England Catholic Church Records, Priests, Family and Estate Papers, Religious Orders (National Institute)

From FamilySearch Wiki
Jump to navigation Jump to search
National Institute for Genealogical StudiesNational Institute for Genealogical Studies.gif

The original content for this article was contributed by The National Institute for Genealogical Studies in June 2012. It is an excerpt from their course English: Non-Anglican Church Records  by Dr. Penelope Christensen. The Institute offers over 200 comprehensive genealogy courses for a fee ($).

Other Catholic Records (cont.)[edit | edit source]

Chart: Particulars of Priests in England 1692

Mr John Churcher of Valadolid on the mission about 45 yrs and hath taken great pains, is now very aged and past labour being troubled with cancer in the breast, he resides at Sir Henry Tichborne's in Hampshire
Mr Augustine Tayler, A Roman [educated at the English College in Rome], hath been in the mission I believe above 20 years, hath taken great pains both in the School at Silkstead and in the mission, now is much exhausted by sickness. He resides mostly in Winchester.
Mr Bonaventure Codrington of Doway [Douai], hath been in the mission about 14 years or upwards most of which time he hath spent in Hampshire. He is a very faithful labourer, exceeding zealous and diligent, he mostly resides at Mr Barlow at Compton near Winchester.
Mr Augustin Hill of the order of St. Francis of Assissium, resides constantly at Sir Henry Tichbornes.
Mr Theodore Lewis alias Francis Shelley, Jesuit, resides constantly with Mr Charles Wells at Brambridge near Winchester.
Mr Grey, actually Gilbert Talbot who became 13th Earl of Shrewsbury, Jesuit, resides with Mr Philip Caryll at North near Petersfield, Hampshire.

In England the equivalent to the Church of England’s Crockford’s Clerical Directory is The Catholic Directory published annually by The Universe newspaper; prior to 1845 it was called The Laity’s Directory. This gives:

  • Catholic dioceses and parishes and the organization in each diocese.
  • Name of each diocesan archivist, if there is one, or the Bishop’s secretary to whom you write if there isn’t.
  • The names of all officials and parish priests with their addresses and phone numbers.
  • Religious houses, schools, and national and local Catholic societies.
  • Indexes of priests, places and subjects and much else of interest.
  • The diocesan archivist or Bishop’s secretary can consult the ordination book and card catalogue of priests for the diocese.

Catholic Family and Estate Papers[edit | edit source]

During the penal period those who survived as Catholics were largely gentry and their Catholic servants and estate workers. The gentry were literate and educated and there are a great many family papers in existence which detail the lower classes in the household as well as the more affluent. These may be deposited in record offices or may still be with the family. The Royal Commission on Historical Manuscripts, now part of the National Archives, keeps a list of known ones, where they are and how they may be accessed, and this is searchable online. There are also a large number of local histories of Catholic families. Good places to start the search are: The five volumes of Gillow’s Bibliographic Dictionary of the English Catholics on FHL films 0896646-8, for which there is also an index and finding list by Bevan (Index and Finding List to Joseph Gillow’s Bibliographical Dictionary of the English Catholics. J.W. Arrowsmith Ltd for John Bevan, Bristol, England. FHL book 942 D3giL index).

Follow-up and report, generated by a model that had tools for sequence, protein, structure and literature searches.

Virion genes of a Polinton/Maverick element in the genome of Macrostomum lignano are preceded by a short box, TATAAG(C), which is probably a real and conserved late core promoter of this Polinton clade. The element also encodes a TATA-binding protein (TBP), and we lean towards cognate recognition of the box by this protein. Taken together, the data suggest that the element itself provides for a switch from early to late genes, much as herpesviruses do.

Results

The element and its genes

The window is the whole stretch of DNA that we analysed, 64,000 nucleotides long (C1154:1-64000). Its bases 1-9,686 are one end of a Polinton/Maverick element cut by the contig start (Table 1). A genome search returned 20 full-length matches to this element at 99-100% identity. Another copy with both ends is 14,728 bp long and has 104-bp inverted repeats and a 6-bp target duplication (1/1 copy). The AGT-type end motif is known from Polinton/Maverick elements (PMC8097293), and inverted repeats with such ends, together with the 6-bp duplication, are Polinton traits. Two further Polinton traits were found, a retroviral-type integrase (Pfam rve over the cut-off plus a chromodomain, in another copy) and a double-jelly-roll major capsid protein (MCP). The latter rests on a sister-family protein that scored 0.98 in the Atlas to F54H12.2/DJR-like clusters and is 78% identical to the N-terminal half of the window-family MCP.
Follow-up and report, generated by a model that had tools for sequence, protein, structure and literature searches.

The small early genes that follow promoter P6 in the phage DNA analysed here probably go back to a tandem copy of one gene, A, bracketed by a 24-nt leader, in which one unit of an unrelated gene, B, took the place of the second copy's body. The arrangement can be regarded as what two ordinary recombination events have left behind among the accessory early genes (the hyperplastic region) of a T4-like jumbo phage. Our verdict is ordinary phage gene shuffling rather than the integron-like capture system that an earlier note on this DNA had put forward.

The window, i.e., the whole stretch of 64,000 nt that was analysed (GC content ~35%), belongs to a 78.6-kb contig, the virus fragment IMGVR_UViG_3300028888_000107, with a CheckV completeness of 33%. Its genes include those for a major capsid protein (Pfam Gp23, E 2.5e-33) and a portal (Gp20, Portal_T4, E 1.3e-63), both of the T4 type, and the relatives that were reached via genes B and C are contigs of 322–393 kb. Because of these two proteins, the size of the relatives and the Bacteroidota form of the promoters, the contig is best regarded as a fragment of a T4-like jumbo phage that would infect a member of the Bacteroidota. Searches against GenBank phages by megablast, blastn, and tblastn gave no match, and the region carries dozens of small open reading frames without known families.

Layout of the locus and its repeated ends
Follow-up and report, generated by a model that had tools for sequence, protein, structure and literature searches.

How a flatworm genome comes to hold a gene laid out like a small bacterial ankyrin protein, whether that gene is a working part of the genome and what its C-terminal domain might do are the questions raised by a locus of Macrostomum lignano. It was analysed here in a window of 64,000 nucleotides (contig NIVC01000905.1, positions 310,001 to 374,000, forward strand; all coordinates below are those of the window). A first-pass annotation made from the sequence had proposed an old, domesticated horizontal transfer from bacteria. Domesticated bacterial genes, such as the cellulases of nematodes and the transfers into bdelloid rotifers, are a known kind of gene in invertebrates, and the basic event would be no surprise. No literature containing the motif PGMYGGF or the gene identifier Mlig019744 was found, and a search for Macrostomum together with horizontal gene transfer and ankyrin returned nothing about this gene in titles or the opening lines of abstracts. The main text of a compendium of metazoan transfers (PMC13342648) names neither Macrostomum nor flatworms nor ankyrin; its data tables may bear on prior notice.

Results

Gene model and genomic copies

• Foley’s Records of the English Province of the Society of Jesus in 8 volumes on FHL films 0599477-83.
  • Kirk’s Lives of the Eighteenth Century English Catholics.

Catholic Institutions and Religious Orders[edit | edit source]

Catholic priests and men and women in religious orders are very well documented and occur in most Catholic families, even though you are unlikely to be descended from one. Some folks are, as celibacy was not a requirement until the 16th century, and a few monks, nuns etc. entered an order after having had a family life, (and perhaps a few were naughty!) However, it is worth examining the records since any ancestor is likely to have had one or more siblings in a Catholic order, and their parentage and history will offer clues to your ancestor’s. The Catholic Directory is a good place to start, and then contact the appropriate diocesan archives which probably has a biography and perhaps a lot more. The Catholic Archive Society has been active in assisting amateur archivists at various Catholic institutions and orders to sort their material. 19th century material is becoming available as each diocese now has a record office which accepts deposits of this older material. Some bishops have designated the County Archives as their Diocesan Record Office in a similar manner to Anglican churches, and the FHL is microfilming as time and resources permit.

From 1568 Catholics had set up English institutions on the continent. Boys were sent for their general education to the colleges at Dieulouard, Douai, St. Gregory and St. Omer, and older ones were trained for the priesthood in seminaries in Lisbon, Madrid, Paris, Rome, and Valladolid. Convents for education of girls, some of whom would become nuns, were established starting in 1598 at such places as Bruges, Cambrai, Dunkirk, Ghent, Gravelines, Liége Louvain, Pontoise and Paris. By 1660 there were 40 English Catholic educational institutions in Europe. As they were located in safe, Catholic countries records could be kept and much of what is known about English Catholic families of the penal period derives from this source. The young people abroad were encouraged to write about their families and their experiences for the sake of Catholicism and the researcher can read these accounts today as they have been preserved. Most Catholic families will have some relatives in these annals. The continental institutions returned to England at the end of the 18th century and some of the easily accessible records published by the Catholic Record Society are shown in in the chart below.